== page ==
Sunday, December 7, 2014

The two angry men on Europe’s borders

(The Guardian) Two angry men. They govern large countries that border Europe. They rail against the west, which is at great pains to find the right way to deal with them. It seems that hardly a week goes by without Recep Tayyip Erdogan or Vladimir Putin lashing out at the United States or Europe. In a recent diatribe in front of Istanbul university students, Erdogan warned against modern-day “Lawrences of Arabia” trying to undermine Turkish power.

Last week, Putin hit out at the US during a meeting of the Valdai Club in Sochi, his annual PR forum. The Russian leader compared his country to a bear who will “not ask permission” to act and “will not let anyone have its taiga [land]”. Putin denounced American “unilateral diktats” and “legal nihilism”, painting over his own unilateralism and illegality over the annexation of Crimea.

Regional crises in Syria and Ukraine have triggered this new bout of estrangement. Erdogan resents having been put under pressure by the US over his refusal to intervene directly in Syria against Islamic State (Isis). Putin has framed the Ukrainian conflict as the consequence of Euro-Atlantic manoeuvres into Russia’s neighbourhood. He casts his policy as the defence of ethnic Russians abroad.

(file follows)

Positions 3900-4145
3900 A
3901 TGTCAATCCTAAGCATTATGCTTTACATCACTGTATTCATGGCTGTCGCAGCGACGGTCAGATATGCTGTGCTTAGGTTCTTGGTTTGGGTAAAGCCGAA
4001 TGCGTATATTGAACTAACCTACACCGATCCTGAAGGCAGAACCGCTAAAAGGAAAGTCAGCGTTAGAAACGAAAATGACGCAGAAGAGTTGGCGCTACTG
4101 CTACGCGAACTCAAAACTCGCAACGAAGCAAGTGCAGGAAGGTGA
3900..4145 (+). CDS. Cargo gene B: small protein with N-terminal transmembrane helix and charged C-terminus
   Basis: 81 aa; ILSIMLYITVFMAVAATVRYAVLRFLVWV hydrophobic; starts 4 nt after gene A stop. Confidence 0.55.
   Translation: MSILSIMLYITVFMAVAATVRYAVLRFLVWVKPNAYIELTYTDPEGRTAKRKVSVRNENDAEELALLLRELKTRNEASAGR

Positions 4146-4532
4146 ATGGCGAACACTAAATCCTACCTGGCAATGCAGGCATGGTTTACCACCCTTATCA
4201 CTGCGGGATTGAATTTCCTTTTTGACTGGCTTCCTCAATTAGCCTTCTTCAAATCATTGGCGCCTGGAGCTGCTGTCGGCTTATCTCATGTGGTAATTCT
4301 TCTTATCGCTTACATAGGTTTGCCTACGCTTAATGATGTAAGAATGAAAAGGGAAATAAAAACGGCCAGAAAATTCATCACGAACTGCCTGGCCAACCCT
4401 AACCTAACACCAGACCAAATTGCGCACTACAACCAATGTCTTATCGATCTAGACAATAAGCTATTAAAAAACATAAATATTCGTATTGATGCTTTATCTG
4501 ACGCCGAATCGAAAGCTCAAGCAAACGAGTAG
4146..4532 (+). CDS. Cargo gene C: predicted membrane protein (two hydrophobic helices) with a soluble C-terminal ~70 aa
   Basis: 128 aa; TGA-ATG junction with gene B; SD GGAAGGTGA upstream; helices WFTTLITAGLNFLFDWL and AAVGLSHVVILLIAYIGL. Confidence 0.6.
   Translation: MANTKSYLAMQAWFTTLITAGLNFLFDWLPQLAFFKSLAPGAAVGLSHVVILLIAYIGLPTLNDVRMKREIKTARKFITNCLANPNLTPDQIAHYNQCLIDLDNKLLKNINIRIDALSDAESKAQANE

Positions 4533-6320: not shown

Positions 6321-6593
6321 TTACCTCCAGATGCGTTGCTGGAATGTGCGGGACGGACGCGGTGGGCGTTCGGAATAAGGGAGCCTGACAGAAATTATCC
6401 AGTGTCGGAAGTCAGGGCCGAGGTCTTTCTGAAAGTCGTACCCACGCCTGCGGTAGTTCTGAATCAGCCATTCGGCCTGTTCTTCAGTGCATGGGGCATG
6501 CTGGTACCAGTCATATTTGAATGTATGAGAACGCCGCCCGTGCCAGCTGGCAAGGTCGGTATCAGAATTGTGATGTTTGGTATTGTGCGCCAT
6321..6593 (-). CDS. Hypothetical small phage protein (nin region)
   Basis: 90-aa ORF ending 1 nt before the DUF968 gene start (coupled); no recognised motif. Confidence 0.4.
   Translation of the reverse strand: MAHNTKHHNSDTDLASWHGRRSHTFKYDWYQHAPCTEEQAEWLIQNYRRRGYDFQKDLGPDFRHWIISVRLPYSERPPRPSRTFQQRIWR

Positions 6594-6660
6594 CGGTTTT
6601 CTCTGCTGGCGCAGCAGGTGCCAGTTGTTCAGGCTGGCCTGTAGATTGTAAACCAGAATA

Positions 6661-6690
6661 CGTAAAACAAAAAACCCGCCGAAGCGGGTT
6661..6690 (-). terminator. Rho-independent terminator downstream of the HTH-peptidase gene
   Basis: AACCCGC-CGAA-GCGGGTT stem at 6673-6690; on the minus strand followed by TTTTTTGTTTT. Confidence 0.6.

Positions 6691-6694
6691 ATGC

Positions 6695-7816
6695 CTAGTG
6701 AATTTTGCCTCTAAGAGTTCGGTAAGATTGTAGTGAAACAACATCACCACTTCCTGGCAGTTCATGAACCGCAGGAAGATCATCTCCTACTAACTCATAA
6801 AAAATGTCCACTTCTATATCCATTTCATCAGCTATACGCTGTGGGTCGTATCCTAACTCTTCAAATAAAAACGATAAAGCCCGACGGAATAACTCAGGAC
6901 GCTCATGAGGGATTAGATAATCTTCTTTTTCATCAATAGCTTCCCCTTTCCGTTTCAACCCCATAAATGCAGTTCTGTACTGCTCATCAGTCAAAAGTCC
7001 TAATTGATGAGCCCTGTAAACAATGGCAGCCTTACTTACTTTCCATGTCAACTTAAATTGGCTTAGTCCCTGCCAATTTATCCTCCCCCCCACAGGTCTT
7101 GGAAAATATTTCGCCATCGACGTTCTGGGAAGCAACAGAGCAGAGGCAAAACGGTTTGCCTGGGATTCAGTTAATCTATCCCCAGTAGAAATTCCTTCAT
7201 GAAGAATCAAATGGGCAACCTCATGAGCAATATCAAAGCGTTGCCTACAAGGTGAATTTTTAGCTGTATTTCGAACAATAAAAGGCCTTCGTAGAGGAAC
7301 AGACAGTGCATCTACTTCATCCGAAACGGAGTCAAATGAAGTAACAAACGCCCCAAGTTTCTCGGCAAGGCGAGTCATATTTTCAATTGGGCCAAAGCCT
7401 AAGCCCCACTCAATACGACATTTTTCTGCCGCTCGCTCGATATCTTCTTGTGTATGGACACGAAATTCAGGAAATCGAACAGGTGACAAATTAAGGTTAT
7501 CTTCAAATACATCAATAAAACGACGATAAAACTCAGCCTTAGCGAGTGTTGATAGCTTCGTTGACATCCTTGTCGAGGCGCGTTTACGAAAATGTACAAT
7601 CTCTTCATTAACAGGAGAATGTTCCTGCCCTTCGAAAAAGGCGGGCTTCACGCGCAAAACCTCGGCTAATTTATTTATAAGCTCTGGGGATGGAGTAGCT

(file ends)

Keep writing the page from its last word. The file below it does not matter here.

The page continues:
The Turkish and Russian presidents together govern nearly 220 million citizens. Their countries have registered strong growth since the beginning of the century. They want to throw their weight around and this has, it seems, caught many people off guard. Western diplomacy has been scrambling for answers.